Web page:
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Monday, February 16, 2015

Would You Eat Dog Or Cat?

My staff and I engaged in an interesting discussion recently.  Would one of us eat dog or cat meat?  Most people said no.  I said yes.
 
This may seem very surprising to many people.  How could I as a small animal veterinarian bring myself to eat the very patients that I treat?  Isn't that unethical and inhumane?  Let me take some time to explain my thoughts on this matter.
 
I'm not a vegetarian.  Not even close.  I've often joked that I'm a strict carnivore.  To be truthful, I don't eat as many veggies and fruits as I should.  I really do love the taste of most meats, and think they're perfectly fine to eat.  I simply couldn't survive as a vegetarian because I don't like the taste of most vegetables.  Yes, I know there are numerous health benefits to eating more of these foods and I'm not on a balanced diet without them.  But I've learned to live with this and make the best and healthiest choices I can given my taste preferences.
 
What meats someone eats and doesn't eat is completely cultural.  I don't think there is anything inherently immoral about eating any kind of animal meat, no matter what the species (other than humans, of course).  The shock or revulsion only comes when it goes against cultural norms, and that differs greatly from one culture to another.  What is repugnant to one culture is normal to another. 
 
There are numerous examples we can use.  Pig meat is not allowed by Jews and Muslims, yet ham, pork chops, and bacon are well received by most of western society.  Many Americans have tried to outlaw export of horses if they are used as meat sources, yet horse is considered a delicacy in Europe.  Hindus would never eat cattle, yet hamburgers and steaks are incredibly common in America, where you can find just about any fast food joint serving some kind of beef.  In much of South America guinea pigs are routinely eaten and there are even festivals around this practice, yet they are considered pets in America.  I know someone who raises rabbits as a family meat source, yet that doesn't bother me as someone with four pet rabbits.  Even within a country there are differences, such as pickled pigs' feet being eaten in the southern states of the US, while much of the rest of the country would whole-heartedly reject this food.  In my life I have eaten chicken, turkey, duck, beef, pork, lamb, ostrich, bison, snail, squid, rattlesnake, frog, aligator, shrimp, lobster, clam, and several kinds of fish.  If I took that list around the world I'd easily find countries where at least one of the ingredients was against the local culture and custom.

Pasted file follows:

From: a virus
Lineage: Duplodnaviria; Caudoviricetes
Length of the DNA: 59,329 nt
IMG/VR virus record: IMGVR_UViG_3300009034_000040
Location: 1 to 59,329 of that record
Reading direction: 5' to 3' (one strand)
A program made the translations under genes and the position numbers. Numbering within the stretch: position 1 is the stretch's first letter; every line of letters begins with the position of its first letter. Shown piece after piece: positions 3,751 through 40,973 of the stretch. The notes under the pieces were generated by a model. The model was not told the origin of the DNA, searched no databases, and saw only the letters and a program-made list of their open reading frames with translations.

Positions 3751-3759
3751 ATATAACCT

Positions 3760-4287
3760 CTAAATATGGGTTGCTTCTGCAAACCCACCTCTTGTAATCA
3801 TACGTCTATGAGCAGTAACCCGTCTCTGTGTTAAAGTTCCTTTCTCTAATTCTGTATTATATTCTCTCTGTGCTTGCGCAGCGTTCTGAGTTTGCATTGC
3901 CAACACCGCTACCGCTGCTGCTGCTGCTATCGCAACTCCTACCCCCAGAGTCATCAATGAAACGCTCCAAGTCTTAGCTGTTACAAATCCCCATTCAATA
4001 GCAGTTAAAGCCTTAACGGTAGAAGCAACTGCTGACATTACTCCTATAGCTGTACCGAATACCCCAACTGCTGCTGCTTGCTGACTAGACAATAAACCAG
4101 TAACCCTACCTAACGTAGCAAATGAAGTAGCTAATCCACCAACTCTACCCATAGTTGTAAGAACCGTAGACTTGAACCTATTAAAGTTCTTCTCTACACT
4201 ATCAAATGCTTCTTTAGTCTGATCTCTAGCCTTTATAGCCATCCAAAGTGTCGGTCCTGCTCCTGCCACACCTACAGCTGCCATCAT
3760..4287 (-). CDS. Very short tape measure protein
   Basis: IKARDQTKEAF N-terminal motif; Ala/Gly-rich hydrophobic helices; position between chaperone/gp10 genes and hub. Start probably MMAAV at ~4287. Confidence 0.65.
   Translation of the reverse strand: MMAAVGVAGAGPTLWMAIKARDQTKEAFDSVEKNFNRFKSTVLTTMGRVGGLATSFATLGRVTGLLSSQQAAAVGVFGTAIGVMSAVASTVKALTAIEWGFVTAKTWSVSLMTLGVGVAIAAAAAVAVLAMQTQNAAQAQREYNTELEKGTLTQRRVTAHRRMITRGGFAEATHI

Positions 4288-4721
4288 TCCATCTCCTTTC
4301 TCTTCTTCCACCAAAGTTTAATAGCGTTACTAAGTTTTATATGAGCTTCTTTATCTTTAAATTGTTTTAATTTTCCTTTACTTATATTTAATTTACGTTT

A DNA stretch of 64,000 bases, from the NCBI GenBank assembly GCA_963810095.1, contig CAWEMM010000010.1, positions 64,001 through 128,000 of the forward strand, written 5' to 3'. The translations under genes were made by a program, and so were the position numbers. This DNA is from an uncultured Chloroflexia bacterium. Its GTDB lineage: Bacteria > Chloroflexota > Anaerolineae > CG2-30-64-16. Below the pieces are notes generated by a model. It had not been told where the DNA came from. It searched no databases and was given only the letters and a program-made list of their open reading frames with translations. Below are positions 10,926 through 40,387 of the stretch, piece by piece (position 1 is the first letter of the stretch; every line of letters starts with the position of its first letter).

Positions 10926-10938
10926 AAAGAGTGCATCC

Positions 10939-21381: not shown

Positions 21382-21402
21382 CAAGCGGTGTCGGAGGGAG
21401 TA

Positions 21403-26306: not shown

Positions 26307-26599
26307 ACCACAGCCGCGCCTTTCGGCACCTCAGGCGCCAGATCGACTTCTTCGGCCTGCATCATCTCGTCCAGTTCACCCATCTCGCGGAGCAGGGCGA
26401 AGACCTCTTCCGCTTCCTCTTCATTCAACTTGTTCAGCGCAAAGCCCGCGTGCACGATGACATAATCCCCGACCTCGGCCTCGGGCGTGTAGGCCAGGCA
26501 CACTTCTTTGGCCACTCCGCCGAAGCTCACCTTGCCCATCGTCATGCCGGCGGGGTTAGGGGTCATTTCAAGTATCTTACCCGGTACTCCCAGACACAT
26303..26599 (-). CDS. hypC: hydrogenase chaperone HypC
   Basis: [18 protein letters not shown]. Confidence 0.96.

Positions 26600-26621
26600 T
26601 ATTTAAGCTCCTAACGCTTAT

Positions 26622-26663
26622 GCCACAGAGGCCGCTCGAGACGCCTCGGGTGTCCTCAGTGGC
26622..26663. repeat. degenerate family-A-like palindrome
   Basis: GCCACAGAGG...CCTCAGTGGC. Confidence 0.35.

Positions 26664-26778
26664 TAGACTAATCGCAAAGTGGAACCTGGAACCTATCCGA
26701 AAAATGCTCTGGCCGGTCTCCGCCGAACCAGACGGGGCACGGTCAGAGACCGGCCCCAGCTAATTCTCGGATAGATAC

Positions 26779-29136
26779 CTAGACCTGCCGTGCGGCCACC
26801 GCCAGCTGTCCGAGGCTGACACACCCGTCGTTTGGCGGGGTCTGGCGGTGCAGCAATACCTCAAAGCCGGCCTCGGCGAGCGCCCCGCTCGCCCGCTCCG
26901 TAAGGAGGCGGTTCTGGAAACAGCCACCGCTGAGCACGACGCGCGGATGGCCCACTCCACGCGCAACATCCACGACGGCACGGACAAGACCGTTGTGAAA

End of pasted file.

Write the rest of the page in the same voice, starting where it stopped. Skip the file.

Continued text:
So that brings us back to dog and cat.  No, I could never cook up and eat one of my patients or one of my own pets.  There is an emotional bond in these cases and it would be like eating a family member.  But that bond isn't unique to what we in Western culture consider pets.  I've seen people have the same kind of attachment to pigs, cows, horses, chickens, ducks, and just about every other animal.  If an animal was someone's pet and I knew that, I don't think I could eat it under normal circumstances (other than during a zombie apocalypse, and then all bets are off).
 
That then begs the question "What is the difference between a 'pet' and an 'animal'?"  To me, a pet is an animal that someone keeps for purely emotional reasons and with whom they have an emotional bond to that particular individual (as opposed to the species).  So all pets are animals, but not all animals are pets.  And as far as I'm concerned, any non-pet animal is fair game for the food table.
 
Also, being a vet really doesn't play into the situation.  All animals used in food production are supervised at some point by a veterinarian.  In fact, some vets spend their entire careers working with poultry, swine, beef cattle, and so on.  Those vets don't have an issue with eating a sausage biscuit before going to the hog pens or coming home from work to some fresh fried chicken.  We know that these animals are being used purely for food, and that they exist for no other purpose.  Our job is to make sure they are healthy and treated as humanely as possible until they are killed and turned into food products.  It's really easy for most of us to realize that this is a living creature that one day will sit in someone's stomach.  I know that may sound very harsh, but I'm practical and a realist.  This should only come as a surprise to anyone who really hasn't thought through how meat ends up in the grocery stores.
 
If I was in a foreign country and my host offered a dish of dog or cat meat, I would consider eating it.  I'd think about it a lot more than if it was a meat I had eaten in the past, but I wouldn't inherently turn my nose up at it.

1 comment:

  1. I agree with you to a point. I watch a lot of zombie movies and often, in the ones where the virus is not spread to other species, survivors end up eating dogs or the odd cat. It would be difficult for me, and I would never, ever eat my own pets, but I would do what I need to to survive--but I am not going to eat dog or cat meat if there is just about anything else available.

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